But for a guy who doesn't speak to the press, O'Grady sure has a lot to say. Like Martha Mitchell, he talks to select reporters after hours:

On Beman: "I told Deane... 'I'm going to rip you every chance I get.. You think you're above the game? You think you're above the Bill of Rights?' "

On the tour's top pros: "I told them if I didn't start getting some support...I would start going after them."

On Riviera's greens: "Like putting over a waffle iron."

And when Jim Colbert pondered aloud, "I wish Mac would straighten up," O'Grady rained down upon him. "Let me tell you something about Jim Colbert," he fumed in the Los Angeles Herald Examiner. "He owns all these golf courses and homes and cars.... Take a look at Colbert's record. He hasn't won enough to own all of those things."

And what exactly did that mean?

"I don't want to say he's a crook," said O'Grady, "but there are some players with better records who have won more money but still can't afford what he has. He's one of Deane's yes-men. He's Deane's water boy."

Colbert, who has won $1.4 million on the tour, was taken aback by O'Grady's remarks, which he read on his flight home from L.A. to Las Vegas on Sunday night. "I was shocked he took after me like that," Colbert said. "Nobody's ever questioned my integrity. Mac's a pretty intelligent guy. He's got nothing to gain by being mad at Jim Colbert."

Although Colbert owns a company that manages golf courses, he does not own the courses. And on the subject of houses, he said, "I have two houses. I only want one, but I can't sell the other one."

O'Grady even threatened (gasp!) to bring 60 Minutes in to investigate, which they would be more than happy to do. Hello, I'm Andy Rooney. Don't you just HATE it when....

The last thing on O'Grady's mind at the L.A. Open was winning the L.A. Open, even though he led by one stroke after 36 holes. Ever try to swing with a 250-pound chip on your shoulder? Besides, "there are more important things to win," he said.

And so the minute detail of actually playing golf was left to the Edmond, Okla. tag team of Tewell and Willie Wood (whose wife is named Holly) and the cherubic Trixler, who had won all of $959 this season. One company offered Trixler more money than that just to wear its visor during the final round. (He declined.) Fame also meant taking this phone call:

Hey, Dennis, you're the greatest. I've been following you ever since we played together in Syracuse.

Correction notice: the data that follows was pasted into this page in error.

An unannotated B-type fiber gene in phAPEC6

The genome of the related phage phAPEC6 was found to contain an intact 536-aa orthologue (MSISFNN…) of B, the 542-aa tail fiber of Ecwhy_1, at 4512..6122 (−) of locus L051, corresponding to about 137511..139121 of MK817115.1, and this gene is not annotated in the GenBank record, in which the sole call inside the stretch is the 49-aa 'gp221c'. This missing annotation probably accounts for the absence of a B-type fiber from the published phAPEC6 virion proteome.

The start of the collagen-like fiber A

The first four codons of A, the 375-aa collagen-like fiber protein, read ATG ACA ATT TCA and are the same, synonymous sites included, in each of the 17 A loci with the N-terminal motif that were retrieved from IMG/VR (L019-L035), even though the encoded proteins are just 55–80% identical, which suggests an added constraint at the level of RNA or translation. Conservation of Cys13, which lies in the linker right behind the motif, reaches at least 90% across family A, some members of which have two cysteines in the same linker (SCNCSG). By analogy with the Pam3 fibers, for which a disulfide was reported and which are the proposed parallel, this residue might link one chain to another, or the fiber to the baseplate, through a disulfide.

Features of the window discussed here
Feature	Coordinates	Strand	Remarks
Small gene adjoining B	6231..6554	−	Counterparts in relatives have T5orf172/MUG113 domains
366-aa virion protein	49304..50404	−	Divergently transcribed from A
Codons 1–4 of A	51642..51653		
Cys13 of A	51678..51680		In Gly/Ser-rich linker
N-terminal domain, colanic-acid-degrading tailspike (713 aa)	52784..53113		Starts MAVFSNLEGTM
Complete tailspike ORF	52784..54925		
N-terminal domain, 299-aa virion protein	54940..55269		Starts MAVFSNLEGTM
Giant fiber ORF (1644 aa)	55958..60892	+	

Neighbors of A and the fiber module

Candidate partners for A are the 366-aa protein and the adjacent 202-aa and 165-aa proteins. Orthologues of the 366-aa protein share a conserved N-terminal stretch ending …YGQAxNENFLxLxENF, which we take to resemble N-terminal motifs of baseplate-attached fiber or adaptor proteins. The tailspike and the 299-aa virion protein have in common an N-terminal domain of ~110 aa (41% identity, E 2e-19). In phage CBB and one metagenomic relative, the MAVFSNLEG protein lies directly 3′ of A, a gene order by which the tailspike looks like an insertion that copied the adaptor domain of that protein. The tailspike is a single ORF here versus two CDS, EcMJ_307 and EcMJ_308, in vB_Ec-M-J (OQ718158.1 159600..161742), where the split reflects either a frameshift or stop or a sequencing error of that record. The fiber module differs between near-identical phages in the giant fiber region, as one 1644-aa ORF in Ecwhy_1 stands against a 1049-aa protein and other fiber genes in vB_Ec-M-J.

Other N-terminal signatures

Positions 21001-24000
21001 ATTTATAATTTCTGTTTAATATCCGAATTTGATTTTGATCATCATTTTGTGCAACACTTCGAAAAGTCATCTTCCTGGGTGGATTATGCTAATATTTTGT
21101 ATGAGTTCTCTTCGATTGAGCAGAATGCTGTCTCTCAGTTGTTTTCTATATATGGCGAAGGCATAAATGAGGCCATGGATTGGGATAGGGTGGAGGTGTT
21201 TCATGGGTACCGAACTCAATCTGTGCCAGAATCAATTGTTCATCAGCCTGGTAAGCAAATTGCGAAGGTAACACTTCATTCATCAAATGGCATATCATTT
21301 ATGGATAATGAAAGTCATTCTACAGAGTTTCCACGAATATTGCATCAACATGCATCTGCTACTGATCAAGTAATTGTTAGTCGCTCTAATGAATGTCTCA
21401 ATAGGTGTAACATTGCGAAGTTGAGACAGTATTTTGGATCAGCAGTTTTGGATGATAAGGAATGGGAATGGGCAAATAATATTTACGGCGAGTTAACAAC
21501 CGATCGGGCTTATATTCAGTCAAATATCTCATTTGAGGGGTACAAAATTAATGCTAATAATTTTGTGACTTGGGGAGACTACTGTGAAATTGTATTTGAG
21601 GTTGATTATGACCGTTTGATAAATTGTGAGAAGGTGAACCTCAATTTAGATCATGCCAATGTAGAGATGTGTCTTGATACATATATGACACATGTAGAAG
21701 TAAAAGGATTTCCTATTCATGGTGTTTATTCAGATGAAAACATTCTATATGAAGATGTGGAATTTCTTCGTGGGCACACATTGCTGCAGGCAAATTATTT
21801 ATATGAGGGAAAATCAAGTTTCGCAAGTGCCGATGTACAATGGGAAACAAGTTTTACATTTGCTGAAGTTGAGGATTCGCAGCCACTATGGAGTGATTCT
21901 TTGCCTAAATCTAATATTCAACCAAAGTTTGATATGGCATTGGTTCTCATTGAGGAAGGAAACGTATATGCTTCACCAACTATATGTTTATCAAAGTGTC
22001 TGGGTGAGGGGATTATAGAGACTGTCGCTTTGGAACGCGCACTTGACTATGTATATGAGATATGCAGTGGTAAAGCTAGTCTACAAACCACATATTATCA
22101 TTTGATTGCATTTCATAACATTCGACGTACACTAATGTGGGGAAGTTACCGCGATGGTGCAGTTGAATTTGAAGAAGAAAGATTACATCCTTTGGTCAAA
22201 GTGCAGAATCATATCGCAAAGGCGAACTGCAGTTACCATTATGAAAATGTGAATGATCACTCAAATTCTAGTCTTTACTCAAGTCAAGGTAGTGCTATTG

"I've never played in Syracuse."

Sure you did. We first met at Florida State. You 're sure doing good.

"I went to Fresno State."

You mean I've been following the wrong guy for two years?

"Sorry about that."

I could've been following somebody GOOD.

None of it mattered. On Sunday, Trixler and Wood and everybody else were taken to the Tewell shed. Tewell made a one-shot molehill into a seven-shot mountain with a final-day 63. "Good thing," Tewell said. "I'd practically spent all that money from five years ago."

Riviera's leader board on the final day resembled a list of guys in the federal witness-protection program: Tewell, Rose (Clarence), Wood, Delsing, Gallagher (Jim), Cerda (Sleeper), etc.

Maybe the current dilemma of golf is best summed up in the story of Australian Wayne Grady. Grady was disqualified Friday for playing a ball that wasn't his, a mistake he called on himself. It was the third time this season he had been dq'd for that blunder. Some guys are Long Ball. Grady goes by Wrong Ball.

But wait a second. Maybe Grady is on to something here.

The names and faces are all interchangeable. Why not the balls?



If Tim Simpson and Peter Oosterhuis (bottom) are seeking stars, they'll have to settle for (from left) Tewell (the winner in L.A.), Pavin (Hawaii), Tway (Andy Williams) and Hammond (Bob Hope).



[See caption above.]



Fred Couples, one of the few well-known players in L.A., seemed puzzled by what he saw.



Trixler's 10th-place finish gave him $10,800, an 11-fold hike in earnings.



O'Grady's mission seemed more to take shots than to win.